This year our ABOA team’s project is about cleaning methylmercury out of contaminated waters. Methylmercury is hazardous for the environment and individual organisms in multiple ways. The toxicity of methylmercury is caused by its high affinity for sulfhydryl groups. The sulfhydryl-methylmercury compound can bind into proteins, disrupting their functions (Christakis et al., 2021). In ecosystems, methylmercury accumulates in large carnivores such as large predator fish and mammals. The methylmercury distracts the normal development of the fetus and young individuals, decreases fertility and causes nervous disorders (U.S. Environmental Protection Agency, 2022). Many of these larger animals such as seals and large predator fish are used as food for humans resulting that the methylmercury enriches also in us causing these same issues. These problems endanger the balance of ecosystems and harm biodiversity.

The origin of the mercury is most often fossil fuels or other mercury containing material that is burned (U.S. Environmental Protection Agency, 2023). The vaporized mercury then gets into the atmosphere and precipitates down with rain into bodies of water. In bodies of water microbes methylate the mercury into methylmercury.

In the bodies of water with high concentrations of biomass, especially marshlands, the biomass accumulates the hydrophobic methylmercury efficiently. These aged fenlands may contain decades worth of methylmercury. As they are ditched for agriculture or forestry, the sulfates in the soil react with the oxygen in the atmosphere and produce acids that dissolve the accumulated mercury. Hence the mercury that has been stored in the biomass for years, spreads into the environment with the runoff water.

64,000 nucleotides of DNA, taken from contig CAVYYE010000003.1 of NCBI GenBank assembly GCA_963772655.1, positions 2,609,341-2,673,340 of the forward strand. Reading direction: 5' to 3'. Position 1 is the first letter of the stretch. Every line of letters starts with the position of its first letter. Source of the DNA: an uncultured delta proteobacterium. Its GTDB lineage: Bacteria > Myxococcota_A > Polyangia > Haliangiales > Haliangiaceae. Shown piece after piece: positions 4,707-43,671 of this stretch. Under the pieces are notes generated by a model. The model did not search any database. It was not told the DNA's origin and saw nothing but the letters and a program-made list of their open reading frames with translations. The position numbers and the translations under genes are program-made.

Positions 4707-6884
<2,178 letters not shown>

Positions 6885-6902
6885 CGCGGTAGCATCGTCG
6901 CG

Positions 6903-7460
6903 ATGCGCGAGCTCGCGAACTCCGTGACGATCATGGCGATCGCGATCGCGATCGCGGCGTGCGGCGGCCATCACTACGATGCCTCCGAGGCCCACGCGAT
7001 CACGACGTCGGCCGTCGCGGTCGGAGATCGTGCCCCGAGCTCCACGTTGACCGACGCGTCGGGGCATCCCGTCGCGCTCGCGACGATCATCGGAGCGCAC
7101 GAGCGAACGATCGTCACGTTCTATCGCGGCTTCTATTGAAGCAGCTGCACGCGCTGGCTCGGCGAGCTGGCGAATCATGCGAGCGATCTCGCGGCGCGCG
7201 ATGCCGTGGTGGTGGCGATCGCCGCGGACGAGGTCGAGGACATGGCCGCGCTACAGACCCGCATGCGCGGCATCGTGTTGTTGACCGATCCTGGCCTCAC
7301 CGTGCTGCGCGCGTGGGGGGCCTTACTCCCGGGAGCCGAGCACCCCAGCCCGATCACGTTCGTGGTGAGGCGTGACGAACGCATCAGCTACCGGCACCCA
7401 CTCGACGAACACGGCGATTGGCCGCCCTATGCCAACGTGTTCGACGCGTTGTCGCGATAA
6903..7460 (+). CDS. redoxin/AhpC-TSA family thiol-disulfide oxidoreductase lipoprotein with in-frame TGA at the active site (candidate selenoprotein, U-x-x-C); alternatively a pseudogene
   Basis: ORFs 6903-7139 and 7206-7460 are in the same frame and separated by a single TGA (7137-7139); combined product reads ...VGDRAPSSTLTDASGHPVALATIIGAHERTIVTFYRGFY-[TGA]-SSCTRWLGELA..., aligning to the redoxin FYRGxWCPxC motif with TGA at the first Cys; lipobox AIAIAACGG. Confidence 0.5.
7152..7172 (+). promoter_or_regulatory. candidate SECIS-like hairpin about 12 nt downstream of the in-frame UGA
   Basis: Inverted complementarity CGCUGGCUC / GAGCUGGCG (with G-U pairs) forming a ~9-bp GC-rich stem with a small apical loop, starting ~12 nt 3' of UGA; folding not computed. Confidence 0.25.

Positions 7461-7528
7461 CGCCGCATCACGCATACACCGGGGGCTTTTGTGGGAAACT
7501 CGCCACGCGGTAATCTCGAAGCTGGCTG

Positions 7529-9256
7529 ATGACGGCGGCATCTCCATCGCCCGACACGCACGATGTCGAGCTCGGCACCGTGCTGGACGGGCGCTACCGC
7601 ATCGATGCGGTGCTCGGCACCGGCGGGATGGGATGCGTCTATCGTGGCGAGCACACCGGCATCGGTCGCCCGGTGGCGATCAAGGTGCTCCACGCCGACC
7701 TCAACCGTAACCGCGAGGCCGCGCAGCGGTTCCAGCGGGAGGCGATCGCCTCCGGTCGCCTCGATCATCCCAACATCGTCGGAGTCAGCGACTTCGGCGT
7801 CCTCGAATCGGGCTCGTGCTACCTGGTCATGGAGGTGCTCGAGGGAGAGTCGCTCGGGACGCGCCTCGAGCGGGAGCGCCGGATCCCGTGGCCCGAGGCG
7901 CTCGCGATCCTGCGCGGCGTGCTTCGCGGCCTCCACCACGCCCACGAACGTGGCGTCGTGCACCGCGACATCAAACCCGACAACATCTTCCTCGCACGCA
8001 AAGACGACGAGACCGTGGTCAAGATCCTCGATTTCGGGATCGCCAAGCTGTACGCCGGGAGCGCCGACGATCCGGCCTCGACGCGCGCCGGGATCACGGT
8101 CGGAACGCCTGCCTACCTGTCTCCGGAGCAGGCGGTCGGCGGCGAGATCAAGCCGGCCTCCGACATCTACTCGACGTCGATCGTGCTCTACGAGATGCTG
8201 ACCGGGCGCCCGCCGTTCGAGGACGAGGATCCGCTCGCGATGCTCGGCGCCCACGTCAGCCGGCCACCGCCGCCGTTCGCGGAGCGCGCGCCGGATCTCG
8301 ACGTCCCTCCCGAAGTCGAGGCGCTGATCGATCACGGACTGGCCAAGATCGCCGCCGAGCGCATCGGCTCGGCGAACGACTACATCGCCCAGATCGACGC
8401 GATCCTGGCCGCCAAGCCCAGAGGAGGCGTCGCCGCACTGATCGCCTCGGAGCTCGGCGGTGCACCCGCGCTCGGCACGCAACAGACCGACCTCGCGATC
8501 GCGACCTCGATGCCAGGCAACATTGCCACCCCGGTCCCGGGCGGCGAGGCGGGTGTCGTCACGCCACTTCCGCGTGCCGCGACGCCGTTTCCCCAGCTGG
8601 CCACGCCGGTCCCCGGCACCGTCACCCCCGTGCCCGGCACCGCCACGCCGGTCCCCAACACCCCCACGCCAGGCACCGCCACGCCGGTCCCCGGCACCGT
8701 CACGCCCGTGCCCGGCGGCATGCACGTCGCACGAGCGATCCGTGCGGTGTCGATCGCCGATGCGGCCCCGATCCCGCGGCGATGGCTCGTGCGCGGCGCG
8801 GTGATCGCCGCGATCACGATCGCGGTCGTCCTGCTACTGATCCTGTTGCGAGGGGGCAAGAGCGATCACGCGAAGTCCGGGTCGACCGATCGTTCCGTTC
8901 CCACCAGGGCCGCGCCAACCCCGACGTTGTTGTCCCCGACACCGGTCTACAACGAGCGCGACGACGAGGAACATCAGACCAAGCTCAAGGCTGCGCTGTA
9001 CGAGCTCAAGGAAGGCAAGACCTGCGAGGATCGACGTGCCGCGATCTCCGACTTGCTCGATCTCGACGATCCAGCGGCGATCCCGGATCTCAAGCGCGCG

Background and inspiration

In the beginning of this project our team got inspired by our native marshlands and lakes. Indeed our country is named after its many fens: fen + land = Finland, which also holds true in the Finnish language: suo + maa = Suomi. After some research on the topic we came to realize our idea could be utilized in promoting the wellbeing of our beloved Baltic Sea as well as purifying the waters of drained marshlands and mercury contaminated lakes in Finland and the rest of the world to restore them.

The Finnish marshlands have been long used for commercial forestry and agriculture and hence have been drained. As the drained waters flow downstream, the methylmercury released from the depths of the marshlands ends up in one of the many isolated small lakes there are in Finland harming its ecosystem.

The Baltic Sea has been in a horrible condition for decades although many actions have been made in order to make it a safer habitat for flora, fauna and inhabitants of its coasts. Yet, our solution could be the one that makes a sustainable impact in her health.

All in all our project has a versatile impact on the wellbeing of nature. Developing a sustainable and scalable solution for the remediation of the state of our national bodies of water will be all the more important as fresh water becomes a more scarce resource globally. There are also rising threats to food security therefore it’s important to ensure we can use fish and other sources of food safely and sustainably. Also, by improving the state of these bodies of water and protecting these ecosystems we can maintain biodiversity by providing safe habitats for species and decreasing fertility and development issues.